Nowotny: Interest rates have reached bottom for now
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[June 06, 2014]
By Michael Shields
VIENNA (Reuters) - The European Central Bank
does not intend to cut interest rates further "for the
foreseeable time" after pushing them to record lows on
Thursday, ECB Governing Council member Ewald Nowotny
said on Friday.
He reiterated to a news conference that the ECB did not have an
exchange rate target for the euro and had no intention to intervene
to cap its strength, which he described as evidence that the euro
zone debt crisis was now over.
The ECB cut interest rates and launched a series of measures to pump
money into the sluggish euro zone economy, pledging to do more if
needed to fight off the risk of Japan-like deflation.
Nowotny declined to eleaborate on ECB President Mario Draghi's
comment on Thursday that the ECB's job was not yet done despite the
latest shot of stimulus.
"It is not up to me to interpret what Mr Draghi said. I would say
what he means is the work of a central bank is never done," he said.
Nowotny, governor of Austria's central bank, said the ECB had broken
new ground by agreeing to provide long-term liquidity to banks that
prove they are using the money for lending, not just squirreling it
"It is an attempt, an experiment, very well thought out. Whether it
will really be a success depends on many factors," he said.
Excluding from the programme bank loans to the public sector and
private real estate market should help prevent asset bubbles arising
from a plan that he called a "whole new concept".
Nowotny said the ECB's latest formulation of forward guidance for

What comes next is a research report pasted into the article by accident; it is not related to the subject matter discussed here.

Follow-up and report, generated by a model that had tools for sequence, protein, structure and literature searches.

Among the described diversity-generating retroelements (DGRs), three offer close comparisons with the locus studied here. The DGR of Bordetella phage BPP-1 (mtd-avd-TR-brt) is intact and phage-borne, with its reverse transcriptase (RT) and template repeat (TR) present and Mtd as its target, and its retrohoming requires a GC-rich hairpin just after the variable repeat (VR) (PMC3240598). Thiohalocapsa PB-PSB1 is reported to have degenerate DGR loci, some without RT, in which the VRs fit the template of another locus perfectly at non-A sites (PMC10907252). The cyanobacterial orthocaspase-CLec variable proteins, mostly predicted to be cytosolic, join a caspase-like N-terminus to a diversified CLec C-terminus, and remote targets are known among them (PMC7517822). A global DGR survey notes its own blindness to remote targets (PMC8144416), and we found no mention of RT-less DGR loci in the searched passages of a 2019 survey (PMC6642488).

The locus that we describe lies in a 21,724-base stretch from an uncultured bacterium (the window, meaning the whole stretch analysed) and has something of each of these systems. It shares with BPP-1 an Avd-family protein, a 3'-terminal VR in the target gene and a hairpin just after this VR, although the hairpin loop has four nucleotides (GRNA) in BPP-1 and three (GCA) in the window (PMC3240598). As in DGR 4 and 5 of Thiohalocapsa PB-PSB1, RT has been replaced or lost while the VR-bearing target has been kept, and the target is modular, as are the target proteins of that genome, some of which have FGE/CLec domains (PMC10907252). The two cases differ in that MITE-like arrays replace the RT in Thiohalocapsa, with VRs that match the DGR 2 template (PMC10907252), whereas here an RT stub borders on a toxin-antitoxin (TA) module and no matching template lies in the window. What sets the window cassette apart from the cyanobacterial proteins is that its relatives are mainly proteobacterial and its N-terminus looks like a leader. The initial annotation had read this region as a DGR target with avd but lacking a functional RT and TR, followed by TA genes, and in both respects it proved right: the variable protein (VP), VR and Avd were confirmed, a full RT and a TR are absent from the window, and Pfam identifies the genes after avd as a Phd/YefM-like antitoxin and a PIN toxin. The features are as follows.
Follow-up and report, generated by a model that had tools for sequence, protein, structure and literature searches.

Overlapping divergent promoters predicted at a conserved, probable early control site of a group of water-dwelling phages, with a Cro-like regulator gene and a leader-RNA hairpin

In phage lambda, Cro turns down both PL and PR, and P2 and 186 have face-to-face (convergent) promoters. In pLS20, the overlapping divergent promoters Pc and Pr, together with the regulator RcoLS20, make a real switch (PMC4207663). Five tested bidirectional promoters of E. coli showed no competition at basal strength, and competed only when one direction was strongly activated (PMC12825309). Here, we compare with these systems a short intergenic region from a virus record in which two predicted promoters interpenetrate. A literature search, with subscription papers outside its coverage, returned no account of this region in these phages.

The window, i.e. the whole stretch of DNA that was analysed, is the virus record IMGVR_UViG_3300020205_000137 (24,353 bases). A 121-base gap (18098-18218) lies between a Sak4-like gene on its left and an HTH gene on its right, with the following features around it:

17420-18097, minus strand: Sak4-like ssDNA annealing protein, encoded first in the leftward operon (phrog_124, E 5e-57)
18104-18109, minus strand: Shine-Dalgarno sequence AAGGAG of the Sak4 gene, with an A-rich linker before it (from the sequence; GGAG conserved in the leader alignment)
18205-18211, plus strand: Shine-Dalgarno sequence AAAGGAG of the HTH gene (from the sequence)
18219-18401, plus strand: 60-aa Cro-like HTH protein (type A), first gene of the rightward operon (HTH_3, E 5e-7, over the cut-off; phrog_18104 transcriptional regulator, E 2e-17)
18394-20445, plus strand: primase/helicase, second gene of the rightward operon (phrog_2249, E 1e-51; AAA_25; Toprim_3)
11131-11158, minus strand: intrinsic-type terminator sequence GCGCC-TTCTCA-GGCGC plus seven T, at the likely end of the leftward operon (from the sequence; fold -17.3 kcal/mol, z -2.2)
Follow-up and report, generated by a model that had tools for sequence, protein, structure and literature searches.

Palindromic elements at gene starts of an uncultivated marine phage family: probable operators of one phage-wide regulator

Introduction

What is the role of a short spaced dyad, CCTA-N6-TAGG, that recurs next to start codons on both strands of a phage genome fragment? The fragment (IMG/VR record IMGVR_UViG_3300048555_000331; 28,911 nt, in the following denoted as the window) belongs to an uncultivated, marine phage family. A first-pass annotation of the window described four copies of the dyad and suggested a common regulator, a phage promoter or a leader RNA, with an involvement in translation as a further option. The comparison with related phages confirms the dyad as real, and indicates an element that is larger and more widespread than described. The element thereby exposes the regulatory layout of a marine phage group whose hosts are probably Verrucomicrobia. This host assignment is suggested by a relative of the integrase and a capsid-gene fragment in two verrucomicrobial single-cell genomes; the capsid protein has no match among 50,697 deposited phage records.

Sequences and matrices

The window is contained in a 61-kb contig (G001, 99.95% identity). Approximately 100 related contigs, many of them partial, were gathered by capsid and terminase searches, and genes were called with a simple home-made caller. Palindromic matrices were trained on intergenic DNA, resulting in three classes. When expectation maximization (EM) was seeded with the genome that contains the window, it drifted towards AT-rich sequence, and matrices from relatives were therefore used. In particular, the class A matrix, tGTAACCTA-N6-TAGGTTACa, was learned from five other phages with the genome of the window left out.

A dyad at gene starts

interest rates meant rates were on hold.
"I think that actually - at least for the foreseeable time - in the
area of interest rate policy we have reached quasi the lower
border," he said.
Nowotny said the ECB had suspended rather than halted sterilisation
of bond purchases as a way to add liquidity to the market until the
new long-term programme kicks in this autumn.
He called the move more of a psychological issue, noting
sterilisation began at a time of concern about rising inflation that
was no longer relevant.
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"As long as we have a situation like now in terms of liquidity there
is no reason to introduce it again," he said.
Nowotny played down any concerns about the euro's strength against
other currencies, noting the ECB did not target exchange rates but
kept an eye on the euro to see whether it was fuelling inflation by
making imports cheaper.
He put the euro's rise in a more positive light.
"This is an important sign of the end of the euro crisis. The euro
has in the meantime become in part a flight currency. One is fleeing
into the euro, not out of the euro."
While the Swiss central bank intervened massively to defend a
currency ceiling for the franc against the euro, the ECB had no such
moves in mind.
"This direct intervention is certainly not foreseeable at the ECB,"
he said, noting a range of rational and irrational factors had an
impact on exchange rates.
The ECB could revisit the subject if in the long term real
turbulence on markets sparked heavy capital inflows, he said.
(Reporting by Michael Shields, Editing by Angus MacSwan)
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